- The Washington Times - Wednesday, November 25, 2009


Killings prompt emergency rule

AMPATUAN | The Philippine president placed two southern provinces under emergency rule Tuesday as security forces unearthed more bodies, pushing the death toll to 46 in some of the deadliest election violence in the nation’s history.

Police and soldiers found 22 bodies in a hillside mass grave Tuesday, adding to the 24 bullet-riddled bodies recovered near the scene of Monday’s massacre in Maguindanao province, said Chief Superintendent Josefino Cataluna of the Central Mindanao region.

This southern region of the Philippines is wracked by violent political rivalries, in addition to a long-running Islamic insurgency, but the killings have shocked this Southeast Asian nation. One adviser to President Gloria Macapagal Arroyo has described the massacre as the worst in the country’s recent history.


Militants attacked in Khyber region

LANDIKOTAL | Pakistani soldiers killed 18 militants Tuesday in a campaign to break a network orchestrating attacks on Western forces’ supplies to Afghan-istan and carrying out bombings, a security official said.

Any heavy casualties inflicted on militants in the Khyber region could ease concerns in Washington, which wants Pakistan to root out fighters along the border, seen as a global hub for militants, to help it defeat the Taliban in Afghanistan.

Militants have been trying to choke off the supplies, forcing the United States and other countries with troops in landlocked Afghanistan to look for alternative routes.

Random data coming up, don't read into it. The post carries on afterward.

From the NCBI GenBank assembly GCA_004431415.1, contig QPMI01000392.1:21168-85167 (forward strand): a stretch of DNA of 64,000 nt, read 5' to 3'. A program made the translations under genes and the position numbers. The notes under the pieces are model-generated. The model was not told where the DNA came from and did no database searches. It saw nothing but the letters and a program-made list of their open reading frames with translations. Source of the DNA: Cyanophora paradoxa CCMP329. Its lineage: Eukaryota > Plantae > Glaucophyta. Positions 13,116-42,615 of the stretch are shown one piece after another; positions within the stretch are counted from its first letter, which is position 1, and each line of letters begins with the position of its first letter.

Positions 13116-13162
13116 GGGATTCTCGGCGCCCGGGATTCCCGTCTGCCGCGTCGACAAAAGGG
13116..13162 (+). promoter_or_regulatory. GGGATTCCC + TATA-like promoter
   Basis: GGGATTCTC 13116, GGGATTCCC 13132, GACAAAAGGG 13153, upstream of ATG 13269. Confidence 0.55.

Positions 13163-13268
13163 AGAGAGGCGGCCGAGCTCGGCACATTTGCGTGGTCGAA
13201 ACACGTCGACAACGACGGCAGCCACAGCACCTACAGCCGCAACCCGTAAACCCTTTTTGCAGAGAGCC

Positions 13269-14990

Mosque-riot probe cites militant Hindus

NEW DELHI | A government investigation released Tuesday reportedly implicated dozens of Hindu nationalist politicians, including a former prime minister, in the 1992 demolition of a mosque that sparked deadly communal riots.

The attack by Hindu mobs on the Babri Mosque in Ayodhya, 350 miles east of New Delhi, set off nationwide riots that killed 2,000 people in the largest explosion of Hindu-Muslim tension in the country in decades.

Hindu nationalist leaders say the mosque was built by Mogul rulers at the site of a Hindu temple marking the birthplace of the Hindu god Ram.


Reborn man raises doubts

BRUSSELS | With a caretaker holding his hand, a Belgian man who was diagnosed as comatose for 23 years typed out a message Tuesday that he felt reborn after decades of loneliness and frustration.

A leading bioethicist, however, expressed skepticism that the man was truly communicating on his own.

Car-crash victim Rom Houben was diagnosed as being in a vegetative state but appears to have been conscious the whole time, doctors here said.

Assisted by a speech therapist who rapidly moved his finger letter by letter along a touch-screen keyboard, Mr. Houben told AP Television News that years of being unable to move or communicate left him feeling “alone, lonely, frustrated, but also blessed with my family.”

Arthur Caplan, a bioethics professor at the University of Pennsylvania, said he is skeptical of Mr. Houben’s ability to communicate after seeing video of his hand being moved along the keyboard. “That is Ouija board stuff,” he said.


Probe targets corrupt ministers

KABUL | Fifteen current and former Afghan ministers are under investigation over allegations of corruption that have plagued the government of President Hamid Karzai, the attorney general’s office said Tuesday.

In his inaugural address last week for his second term as president, Mr. Karzai pledged to arrest those who spread corruption. International leaders, who have threatened to hold back troops and development aid unless Karzai cleans up corruption in his government, are watching closely to see whether he keeps his promise.

From wire dispatches and staff reports

Copyright © 2018 The Washington Times, LLC. Click here for reprint permission.

The Washington Times Comment Policy

The Washington Times welcomes your comments on Spot.im, our third-party provider. Please read our Comment Policy before commenting.


Click to Read More and View Comments

Click to Hide